Parking on any ped crossing is not allowed (rule 240 of the Highway Code).

    Bang to rights I’d say! 🙂 And extremely inconsiderate of other people in any case.

    Premier Icon Drac
    Subscriber

    We’ve got a similiar disabled crossing near my house

    😯

    iolo
    Member

    She parked on a crossing!!!
    Why are people trying to defend stupidity?
    Just tell her to pay the bill.

    bigyinn
    Member

    After your comments HERE you’ll forgive me if I dont pay any attention to you iolo.

    Premier Icon Cougar
    Subscriber

    The tactile surface would indicate a crossing; it’s there so that blind people can differentiate between pavement and road in the absence of a difference in surface height.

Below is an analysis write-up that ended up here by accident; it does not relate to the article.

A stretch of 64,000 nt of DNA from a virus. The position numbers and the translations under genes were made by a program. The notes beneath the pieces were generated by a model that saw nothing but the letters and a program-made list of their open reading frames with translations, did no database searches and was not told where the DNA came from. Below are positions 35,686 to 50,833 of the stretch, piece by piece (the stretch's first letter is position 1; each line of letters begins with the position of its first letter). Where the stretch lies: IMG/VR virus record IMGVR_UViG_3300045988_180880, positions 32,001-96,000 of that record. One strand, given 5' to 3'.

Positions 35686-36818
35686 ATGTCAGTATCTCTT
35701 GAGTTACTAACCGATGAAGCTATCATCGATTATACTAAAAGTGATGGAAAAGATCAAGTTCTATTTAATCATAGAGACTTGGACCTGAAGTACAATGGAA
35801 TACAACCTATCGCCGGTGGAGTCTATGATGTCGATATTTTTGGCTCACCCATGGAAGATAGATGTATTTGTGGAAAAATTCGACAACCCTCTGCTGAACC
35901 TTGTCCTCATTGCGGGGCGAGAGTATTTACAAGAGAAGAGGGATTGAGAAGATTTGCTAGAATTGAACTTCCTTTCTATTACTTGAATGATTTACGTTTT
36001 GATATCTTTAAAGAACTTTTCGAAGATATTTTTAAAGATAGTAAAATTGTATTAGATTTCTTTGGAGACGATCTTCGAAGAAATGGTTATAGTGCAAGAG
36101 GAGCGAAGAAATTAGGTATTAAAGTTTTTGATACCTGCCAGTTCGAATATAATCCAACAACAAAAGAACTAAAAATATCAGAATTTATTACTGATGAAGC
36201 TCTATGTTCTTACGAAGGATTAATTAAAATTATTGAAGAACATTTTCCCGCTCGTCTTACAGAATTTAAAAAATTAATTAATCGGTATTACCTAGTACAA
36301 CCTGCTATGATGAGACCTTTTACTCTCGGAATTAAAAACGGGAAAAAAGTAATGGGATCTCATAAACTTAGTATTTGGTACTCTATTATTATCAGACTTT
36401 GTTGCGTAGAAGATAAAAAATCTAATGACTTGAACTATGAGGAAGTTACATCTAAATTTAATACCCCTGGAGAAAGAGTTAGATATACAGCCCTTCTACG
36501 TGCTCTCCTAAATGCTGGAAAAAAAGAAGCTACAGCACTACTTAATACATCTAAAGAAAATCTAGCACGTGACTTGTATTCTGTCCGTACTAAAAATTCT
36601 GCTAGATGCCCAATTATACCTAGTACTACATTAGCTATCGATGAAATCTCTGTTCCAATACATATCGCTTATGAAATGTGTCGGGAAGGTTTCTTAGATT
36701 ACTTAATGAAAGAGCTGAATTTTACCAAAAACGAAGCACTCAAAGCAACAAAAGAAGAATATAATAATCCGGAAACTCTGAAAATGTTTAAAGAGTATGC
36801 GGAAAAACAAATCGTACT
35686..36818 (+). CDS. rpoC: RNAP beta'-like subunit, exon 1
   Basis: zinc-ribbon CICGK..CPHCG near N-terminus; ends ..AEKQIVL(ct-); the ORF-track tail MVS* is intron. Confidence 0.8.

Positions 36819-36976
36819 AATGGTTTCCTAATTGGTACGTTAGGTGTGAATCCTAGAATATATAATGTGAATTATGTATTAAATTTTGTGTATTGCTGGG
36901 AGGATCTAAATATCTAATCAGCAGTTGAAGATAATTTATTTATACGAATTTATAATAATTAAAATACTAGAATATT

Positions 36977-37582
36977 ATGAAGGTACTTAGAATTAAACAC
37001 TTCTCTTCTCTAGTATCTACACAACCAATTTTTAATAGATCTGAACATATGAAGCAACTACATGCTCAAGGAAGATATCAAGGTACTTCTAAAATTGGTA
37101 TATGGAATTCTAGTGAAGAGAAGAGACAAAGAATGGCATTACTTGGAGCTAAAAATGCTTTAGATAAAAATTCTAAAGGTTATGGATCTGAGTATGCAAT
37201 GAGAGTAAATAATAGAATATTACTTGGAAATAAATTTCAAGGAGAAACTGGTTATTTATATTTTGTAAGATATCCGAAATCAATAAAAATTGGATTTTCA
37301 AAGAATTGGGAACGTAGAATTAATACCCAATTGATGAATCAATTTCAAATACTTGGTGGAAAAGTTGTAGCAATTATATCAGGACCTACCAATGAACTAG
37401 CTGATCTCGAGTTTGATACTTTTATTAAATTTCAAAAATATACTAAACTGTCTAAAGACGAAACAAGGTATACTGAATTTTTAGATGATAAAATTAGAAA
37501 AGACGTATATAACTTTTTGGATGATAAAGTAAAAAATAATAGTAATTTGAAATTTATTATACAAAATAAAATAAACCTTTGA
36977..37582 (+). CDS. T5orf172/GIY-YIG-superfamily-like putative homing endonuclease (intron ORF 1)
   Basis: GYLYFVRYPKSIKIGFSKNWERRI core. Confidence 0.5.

Ergo, she parked on a crossing, which is illegal (THC rule 191).

    However, the ticket is for a different offence, parking next to a dropped kerb (THC rule 243). Therefore, whilst she has committed an offence, the ticket is unenforceable.

    If it’s issued by the council / police / TfL, challenge it. If it’s issued by anyone else, throw it in the bin.

    bigyinn
    Member

    Thanks Cougar.
    Whilst I accept she shouldn’t have parked there, the PCN issuer should be using the correct codes.

    theocb
    Member

    Woody’s technical drawing seemed to highlight that it is called a dropped curb.

    bigyinn
    Member

    I think that is in relation to an access road which is crossing a footpath, that than a footpath crossing the main rd.

    nealglover